The solution lies in shifting focus from traditional forecasts to predicting probabilities for each potential demand and lead time scenario. This shift transforms the conversation from an unrealistic “one number plan” to a range of numbers with associated probabilities. By predicting probabilities for each demand and lead time possibility, you can better align stock levels with the risk tolerance for each group of parts.

      Software that generates demand and lead time scenarios, repeating this process tens of thousands of times, can accurately simulate how current stocking policies will perform against these policies. If the performance in the simulation falls short and you are predicted to stock out more often than you are comfortable with or you are left with excess inventory, conducting what-if scenarios allows adjustments to policies. You can then predict how these revised policies will fare against random demands and lead times. You can conduct this process iteratively and refine it with each new what-if scenario or lean on system prescribed policies that optimally strike a balance between risk and costs.

      So, if you are planning service and spare parts inventories, stop worrying about predicting demand the way traditional retail and CPG demand planners do it. Focus instead on how your stocking policies will withstand the randomness of the future, adjusting them based on your risk tolerance. To do this, you’ll need the right set of decision support software, and this is how Smart Software can help.

       

       

      Spare Parts Planning Software solutions

      Smart IP&O’s service parts forecasting software uses a unique empirical probabilistic forecasting approach that is engineered for intermittent demand. For consumable spare parts, our patented and APICS award winning method rapidly generates tens of thousands of demand scenarios without relying on the assumptions about the nature of demand distributions implicit in traditional forecasting methods. The result is highly accurate estimates of safety stock, reorder points, and service levels, which leads to higher service levels and lower inventory costs. For repairable spare parts, Smart’s Repair and Return Module accurately simulates the processes of part breakdown and repair. It predicts downtime, service levels, and inventory costs associated with the current rotating spare parts pool. Planners will know how many spares to stock to achieve short- and long-term service level requirements and, in operational settings, whether to wait for repairs to be completed and returned to service or to purchase additional service spares from suppliers, avoiding unnecessary buying and equipment downtime.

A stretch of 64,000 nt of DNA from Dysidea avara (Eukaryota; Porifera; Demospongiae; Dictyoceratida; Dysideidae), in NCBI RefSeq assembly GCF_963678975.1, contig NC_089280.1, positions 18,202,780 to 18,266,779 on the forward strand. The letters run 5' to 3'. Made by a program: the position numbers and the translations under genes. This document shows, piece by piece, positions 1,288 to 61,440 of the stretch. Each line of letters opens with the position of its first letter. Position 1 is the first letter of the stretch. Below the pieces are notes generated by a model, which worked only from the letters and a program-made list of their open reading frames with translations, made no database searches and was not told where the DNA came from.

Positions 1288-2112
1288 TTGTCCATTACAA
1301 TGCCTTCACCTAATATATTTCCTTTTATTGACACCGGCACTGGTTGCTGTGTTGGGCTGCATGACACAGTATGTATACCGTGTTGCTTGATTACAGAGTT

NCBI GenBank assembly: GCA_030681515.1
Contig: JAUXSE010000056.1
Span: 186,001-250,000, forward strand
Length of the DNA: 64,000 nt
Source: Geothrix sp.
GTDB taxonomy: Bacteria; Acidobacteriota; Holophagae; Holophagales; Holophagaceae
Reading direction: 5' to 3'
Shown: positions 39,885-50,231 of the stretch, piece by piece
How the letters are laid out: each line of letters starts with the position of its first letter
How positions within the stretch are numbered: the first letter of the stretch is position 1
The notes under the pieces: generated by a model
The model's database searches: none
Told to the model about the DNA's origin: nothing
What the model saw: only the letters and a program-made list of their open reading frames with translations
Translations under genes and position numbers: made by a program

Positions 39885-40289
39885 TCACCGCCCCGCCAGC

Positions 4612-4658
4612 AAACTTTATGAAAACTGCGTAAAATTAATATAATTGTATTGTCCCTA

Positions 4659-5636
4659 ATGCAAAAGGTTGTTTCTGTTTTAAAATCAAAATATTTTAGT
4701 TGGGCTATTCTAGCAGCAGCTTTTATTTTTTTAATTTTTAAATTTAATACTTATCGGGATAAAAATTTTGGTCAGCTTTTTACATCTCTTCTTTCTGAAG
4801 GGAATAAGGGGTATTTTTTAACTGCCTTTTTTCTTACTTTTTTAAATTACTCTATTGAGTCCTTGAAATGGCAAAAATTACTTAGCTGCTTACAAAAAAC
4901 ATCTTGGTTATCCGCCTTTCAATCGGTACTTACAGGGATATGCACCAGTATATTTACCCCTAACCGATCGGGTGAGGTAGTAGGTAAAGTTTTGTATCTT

Contact us to learn more how this functionality has helped our customers in the MRO, Field Service, Utility, Mining, and Public Transportation sectors to optimize their inventory. You can also download the Whitepaper here.

       

       

      White Paper: What you Need to know about Forecasting and Planning Service Parts

       

      This paper describes Smart Software’s patented methodology for forecasting demand, safety stocks, and reorder points on items such as service parts and components with intermittent demand, and provides several examples of customer success.